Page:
More video. Carrie Jones, who is a friend who happens to be a New York Times bestselling author, is a really engaging speaker. I should have gotten her on video talking about typos with a passion that was awesome to witness.

BEC Story #4
BEC Story #3
BEC Story #2
BEC Story #1
Why I Am Writing All These Stories About My Business

BEC Story #4: Dealing With Trash Talk

There are all these sayings out there that boil down to “When you seem like a threat, people aren’t going to like you.”

Don’t believe me? Type ‘haters gonna hate’ into Pinterest and watch how many different ways this has been reworked:


What I’ve always found kind of interesting is that people who talk about haters seem to have a lot more of them than the rest of us. I have a feeling talking about them adds fuel to that fire.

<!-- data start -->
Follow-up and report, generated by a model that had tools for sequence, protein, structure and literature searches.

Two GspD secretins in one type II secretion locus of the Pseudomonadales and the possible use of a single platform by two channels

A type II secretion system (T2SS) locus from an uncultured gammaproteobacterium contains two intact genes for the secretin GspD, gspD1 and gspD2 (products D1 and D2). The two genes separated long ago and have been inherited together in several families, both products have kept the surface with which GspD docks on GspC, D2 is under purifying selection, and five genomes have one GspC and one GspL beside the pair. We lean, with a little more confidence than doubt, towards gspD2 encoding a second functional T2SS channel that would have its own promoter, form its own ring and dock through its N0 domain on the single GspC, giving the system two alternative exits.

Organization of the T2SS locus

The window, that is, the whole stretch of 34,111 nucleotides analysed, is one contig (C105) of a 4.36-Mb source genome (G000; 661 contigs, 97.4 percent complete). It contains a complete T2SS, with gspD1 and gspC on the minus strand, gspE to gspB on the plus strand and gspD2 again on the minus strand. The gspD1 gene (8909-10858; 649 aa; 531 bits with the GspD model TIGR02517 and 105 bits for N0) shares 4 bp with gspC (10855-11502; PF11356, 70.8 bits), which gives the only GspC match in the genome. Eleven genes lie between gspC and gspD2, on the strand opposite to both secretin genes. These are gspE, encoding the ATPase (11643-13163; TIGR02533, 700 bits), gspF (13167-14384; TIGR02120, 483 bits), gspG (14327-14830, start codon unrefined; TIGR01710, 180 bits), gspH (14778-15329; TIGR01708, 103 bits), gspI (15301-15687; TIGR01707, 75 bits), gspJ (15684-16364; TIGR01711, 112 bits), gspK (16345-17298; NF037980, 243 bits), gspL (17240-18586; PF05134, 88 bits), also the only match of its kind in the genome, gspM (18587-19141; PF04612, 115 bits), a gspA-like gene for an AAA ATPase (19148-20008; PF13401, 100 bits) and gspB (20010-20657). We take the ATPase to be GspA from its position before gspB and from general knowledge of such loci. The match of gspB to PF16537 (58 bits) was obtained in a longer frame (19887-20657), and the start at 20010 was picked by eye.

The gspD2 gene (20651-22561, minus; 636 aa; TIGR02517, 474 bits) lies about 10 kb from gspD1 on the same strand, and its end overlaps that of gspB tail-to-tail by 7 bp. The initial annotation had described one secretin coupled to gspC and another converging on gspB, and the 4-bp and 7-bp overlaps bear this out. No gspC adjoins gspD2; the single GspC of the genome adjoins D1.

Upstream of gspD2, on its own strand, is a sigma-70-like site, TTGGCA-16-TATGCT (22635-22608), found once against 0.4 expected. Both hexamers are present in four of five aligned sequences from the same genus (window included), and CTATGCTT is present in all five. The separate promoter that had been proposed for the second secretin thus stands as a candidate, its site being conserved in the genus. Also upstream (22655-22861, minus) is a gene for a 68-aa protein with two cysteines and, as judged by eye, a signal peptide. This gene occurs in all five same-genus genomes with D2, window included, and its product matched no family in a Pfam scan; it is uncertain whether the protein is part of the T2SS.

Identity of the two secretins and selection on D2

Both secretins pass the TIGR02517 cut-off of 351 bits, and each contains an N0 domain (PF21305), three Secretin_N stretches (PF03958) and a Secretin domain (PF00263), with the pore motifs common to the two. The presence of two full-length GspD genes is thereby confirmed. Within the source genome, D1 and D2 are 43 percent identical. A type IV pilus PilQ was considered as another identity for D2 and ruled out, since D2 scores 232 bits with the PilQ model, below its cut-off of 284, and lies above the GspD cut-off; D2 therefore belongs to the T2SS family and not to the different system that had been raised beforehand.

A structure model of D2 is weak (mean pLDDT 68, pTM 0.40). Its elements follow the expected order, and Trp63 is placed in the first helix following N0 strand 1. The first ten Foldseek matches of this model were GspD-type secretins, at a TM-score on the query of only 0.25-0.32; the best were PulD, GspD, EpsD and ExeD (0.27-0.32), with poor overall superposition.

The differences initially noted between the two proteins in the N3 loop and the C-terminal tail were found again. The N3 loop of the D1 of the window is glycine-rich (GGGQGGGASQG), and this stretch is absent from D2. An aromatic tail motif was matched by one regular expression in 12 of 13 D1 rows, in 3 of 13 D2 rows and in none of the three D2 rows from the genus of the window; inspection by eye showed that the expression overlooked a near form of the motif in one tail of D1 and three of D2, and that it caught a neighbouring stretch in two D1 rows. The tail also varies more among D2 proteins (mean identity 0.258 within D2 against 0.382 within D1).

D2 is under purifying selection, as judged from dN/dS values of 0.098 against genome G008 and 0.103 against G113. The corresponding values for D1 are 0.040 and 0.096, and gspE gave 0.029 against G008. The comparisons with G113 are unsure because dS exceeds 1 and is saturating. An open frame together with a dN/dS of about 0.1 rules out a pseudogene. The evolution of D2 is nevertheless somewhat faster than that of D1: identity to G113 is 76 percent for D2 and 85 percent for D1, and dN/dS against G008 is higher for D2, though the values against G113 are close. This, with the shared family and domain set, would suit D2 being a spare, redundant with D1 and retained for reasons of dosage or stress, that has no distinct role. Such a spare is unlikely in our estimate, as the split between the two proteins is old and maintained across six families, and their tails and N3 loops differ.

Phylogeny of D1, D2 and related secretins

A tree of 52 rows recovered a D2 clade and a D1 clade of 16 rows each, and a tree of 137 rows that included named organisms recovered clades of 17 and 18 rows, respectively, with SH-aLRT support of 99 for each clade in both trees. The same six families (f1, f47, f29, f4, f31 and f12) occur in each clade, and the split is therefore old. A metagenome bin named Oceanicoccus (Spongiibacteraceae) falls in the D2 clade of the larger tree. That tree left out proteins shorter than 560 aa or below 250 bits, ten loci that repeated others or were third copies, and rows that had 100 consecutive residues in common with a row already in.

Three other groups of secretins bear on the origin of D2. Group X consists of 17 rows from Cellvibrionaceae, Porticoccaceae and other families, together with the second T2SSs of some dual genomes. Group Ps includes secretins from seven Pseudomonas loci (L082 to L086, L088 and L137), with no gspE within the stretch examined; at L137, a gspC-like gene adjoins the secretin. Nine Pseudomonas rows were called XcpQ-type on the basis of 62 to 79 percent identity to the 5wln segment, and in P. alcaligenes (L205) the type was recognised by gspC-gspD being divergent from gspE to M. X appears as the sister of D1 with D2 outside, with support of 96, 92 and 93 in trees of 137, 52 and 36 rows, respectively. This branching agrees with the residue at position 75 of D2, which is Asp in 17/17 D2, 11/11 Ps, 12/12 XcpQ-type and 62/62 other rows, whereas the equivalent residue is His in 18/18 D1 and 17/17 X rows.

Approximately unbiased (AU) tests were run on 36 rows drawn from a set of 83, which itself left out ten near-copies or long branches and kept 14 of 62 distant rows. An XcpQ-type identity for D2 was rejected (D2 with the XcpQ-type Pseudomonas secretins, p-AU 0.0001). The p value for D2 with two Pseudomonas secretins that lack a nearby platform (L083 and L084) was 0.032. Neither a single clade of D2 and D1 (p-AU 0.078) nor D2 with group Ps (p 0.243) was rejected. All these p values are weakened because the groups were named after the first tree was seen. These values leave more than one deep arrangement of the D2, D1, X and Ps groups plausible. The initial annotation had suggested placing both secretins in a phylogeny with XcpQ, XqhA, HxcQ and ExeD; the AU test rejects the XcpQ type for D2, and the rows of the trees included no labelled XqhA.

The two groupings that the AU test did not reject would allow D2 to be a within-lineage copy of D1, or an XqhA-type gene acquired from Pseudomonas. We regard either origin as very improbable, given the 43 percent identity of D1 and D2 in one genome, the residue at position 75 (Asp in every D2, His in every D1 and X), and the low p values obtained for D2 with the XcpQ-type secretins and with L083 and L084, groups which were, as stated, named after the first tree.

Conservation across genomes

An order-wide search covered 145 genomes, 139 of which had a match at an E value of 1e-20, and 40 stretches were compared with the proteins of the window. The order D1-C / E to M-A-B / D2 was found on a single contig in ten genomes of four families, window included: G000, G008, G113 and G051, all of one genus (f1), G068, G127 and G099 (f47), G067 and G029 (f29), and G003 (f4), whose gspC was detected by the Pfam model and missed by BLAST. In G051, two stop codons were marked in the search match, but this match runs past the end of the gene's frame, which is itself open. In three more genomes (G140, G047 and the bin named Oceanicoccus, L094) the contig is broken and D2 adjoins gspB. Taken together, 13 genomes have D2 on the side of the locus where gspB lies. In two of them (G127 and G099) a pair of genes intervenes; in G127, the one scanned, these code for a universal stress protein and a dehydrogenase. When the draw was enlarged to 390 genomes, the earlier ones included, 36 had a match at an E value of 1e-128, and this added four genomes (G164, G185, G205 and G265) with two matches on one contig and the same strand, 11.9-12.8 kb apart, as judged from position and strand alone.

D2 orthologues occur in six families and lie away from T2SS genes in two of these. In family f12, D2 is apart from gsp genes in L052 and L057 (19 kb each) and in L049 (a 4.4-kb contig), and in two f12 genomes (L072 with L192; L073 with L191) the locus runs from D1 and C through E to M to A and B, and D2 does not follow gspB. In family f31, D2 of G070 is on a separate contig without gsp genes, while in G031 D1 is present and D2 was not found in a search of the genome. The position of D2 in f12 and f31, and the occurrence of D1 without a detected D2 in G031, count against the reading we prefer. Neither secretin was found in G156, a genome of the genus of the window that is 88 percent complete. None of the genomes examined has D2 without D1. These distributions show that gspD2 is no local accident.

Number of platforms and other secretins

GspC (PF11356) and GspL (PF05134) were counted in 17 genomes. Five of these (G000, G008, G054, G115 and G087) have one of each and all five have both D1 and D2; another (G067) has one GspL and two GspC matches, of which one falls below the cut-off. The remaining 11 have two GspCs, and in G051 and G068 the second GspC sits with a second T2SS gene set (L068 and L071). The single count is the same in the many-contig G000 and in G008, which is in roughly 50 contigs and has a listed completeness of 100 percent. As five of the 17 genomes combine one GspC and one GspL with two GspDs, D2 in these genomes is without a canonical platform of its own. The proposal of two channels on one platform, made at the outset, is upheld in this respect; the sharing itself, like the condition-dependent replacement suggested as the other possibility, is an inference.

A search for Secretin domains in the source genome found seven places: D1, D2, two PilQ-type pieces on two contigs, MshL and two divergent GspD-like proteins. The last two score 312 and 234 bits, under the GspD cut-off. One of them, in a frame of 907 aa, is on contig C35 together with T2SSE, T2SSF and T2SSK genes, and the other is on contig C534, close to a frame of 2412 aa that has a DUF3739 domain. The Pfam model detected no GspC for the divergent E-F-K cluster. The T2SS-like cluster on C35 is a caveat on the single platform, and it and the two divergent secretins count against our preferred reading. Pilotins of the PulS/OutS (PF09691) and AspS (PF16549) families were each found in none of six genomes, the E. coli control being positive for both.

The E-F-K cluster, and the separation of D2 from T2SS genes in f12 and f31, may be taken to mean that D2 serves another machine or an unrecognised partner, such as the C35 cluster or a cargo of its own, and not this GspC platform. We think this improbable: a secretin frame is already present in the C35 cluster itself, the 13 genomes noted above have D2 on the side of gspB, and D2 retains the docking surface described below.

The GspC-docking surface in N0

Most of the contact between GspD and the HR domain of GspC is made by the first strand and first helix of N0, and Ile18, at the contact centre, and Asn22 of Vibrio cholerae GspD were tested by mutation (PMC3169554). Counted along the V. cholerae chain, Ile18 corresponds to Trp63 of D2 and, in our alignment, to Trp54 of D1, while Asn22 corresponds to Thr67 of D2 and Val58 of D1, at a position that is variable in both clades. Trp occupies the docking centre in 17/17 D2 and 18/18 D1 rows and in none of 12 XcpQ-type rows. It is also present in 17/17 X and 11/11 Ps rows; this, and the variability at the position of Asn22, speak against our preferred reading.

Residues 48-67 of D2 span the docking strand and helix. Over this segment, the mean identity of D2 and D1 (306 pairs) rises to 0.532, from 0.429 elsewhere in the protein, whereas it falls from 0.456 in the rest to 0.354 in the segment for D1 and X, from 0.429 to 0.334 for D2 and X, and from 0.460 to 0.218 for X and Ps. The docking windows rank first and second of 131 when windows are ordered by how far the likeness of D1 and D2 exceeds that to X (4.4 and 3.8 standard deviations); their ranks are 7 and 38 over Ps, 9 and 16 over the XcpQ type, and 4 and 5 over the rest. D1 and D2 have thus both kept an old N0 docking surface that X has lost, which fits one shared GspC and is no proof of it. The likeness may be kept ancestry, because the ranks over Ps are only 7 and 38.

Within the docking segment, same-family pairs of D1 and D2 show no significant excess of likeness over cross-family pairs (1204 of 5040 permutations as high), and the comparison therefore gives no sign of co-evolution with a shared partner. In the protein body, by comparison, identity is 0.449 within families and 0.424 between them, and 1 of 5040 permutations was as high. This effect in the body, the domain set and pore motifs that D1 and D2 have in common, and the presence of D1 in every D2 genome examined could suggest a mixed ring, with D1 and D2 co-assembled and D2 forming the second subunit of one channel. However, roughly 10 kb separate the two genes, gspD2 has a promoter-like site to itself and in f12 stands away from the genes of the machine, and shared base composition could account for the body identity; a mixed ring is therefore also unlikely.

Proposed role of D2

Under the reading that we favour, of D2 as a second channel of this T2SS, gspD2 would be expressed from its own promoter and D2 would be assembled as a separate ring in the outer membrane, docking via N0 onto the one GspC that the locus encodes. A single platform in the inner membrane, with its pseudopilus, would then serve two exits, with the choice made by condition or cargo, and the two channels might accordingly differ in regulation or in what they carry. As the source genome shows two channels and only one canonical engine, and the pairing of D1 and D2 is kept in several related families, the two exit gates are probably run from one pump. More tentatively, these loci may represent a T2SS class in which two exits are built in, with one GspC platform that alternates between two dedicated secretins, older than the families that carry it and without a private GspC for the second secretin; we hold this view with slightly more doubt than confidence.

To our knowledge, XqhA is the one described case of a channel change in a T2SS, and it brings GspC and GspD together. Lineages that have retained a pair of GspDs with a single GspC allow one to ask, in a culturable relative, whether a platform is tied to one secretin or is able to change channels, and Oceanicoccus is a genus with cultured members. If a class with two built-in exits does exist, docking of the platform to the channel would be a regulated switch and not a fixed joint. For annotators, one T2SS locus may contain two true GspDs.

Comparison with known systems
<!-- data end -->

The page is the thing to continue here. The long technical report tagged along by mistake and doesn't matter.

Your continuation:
And that’s why I don’t talk about it…Until today.

Problem: Based on a misreading of an email I sent, a local person decided I was incompetent… and began telling everyone in town.

I found out because three people told me. (Thank you everyone who didn’t tell me at the time; my skin was a lot thinner eight years ago than it is today.) The people who told me laughed it off as they know what kind of person I am… but they also wanted to bring it to my attention.

I was very worried this was going to effect my reputation since Chatterbox (which I’ll use as a stand-in name for this story) was much more established than I was. I emailed Chatterbox back to explain what I meant in my email but it was clear an opinion had been formed. What was I going to do now that someone had already made a firm judgment?

Solution: I ignored it. It’s hard to control what someone else thinks of you so all you can do is try to clarify (if they are willing to listen), put your head down, and keep doing a good job.  Guess what? It blew over.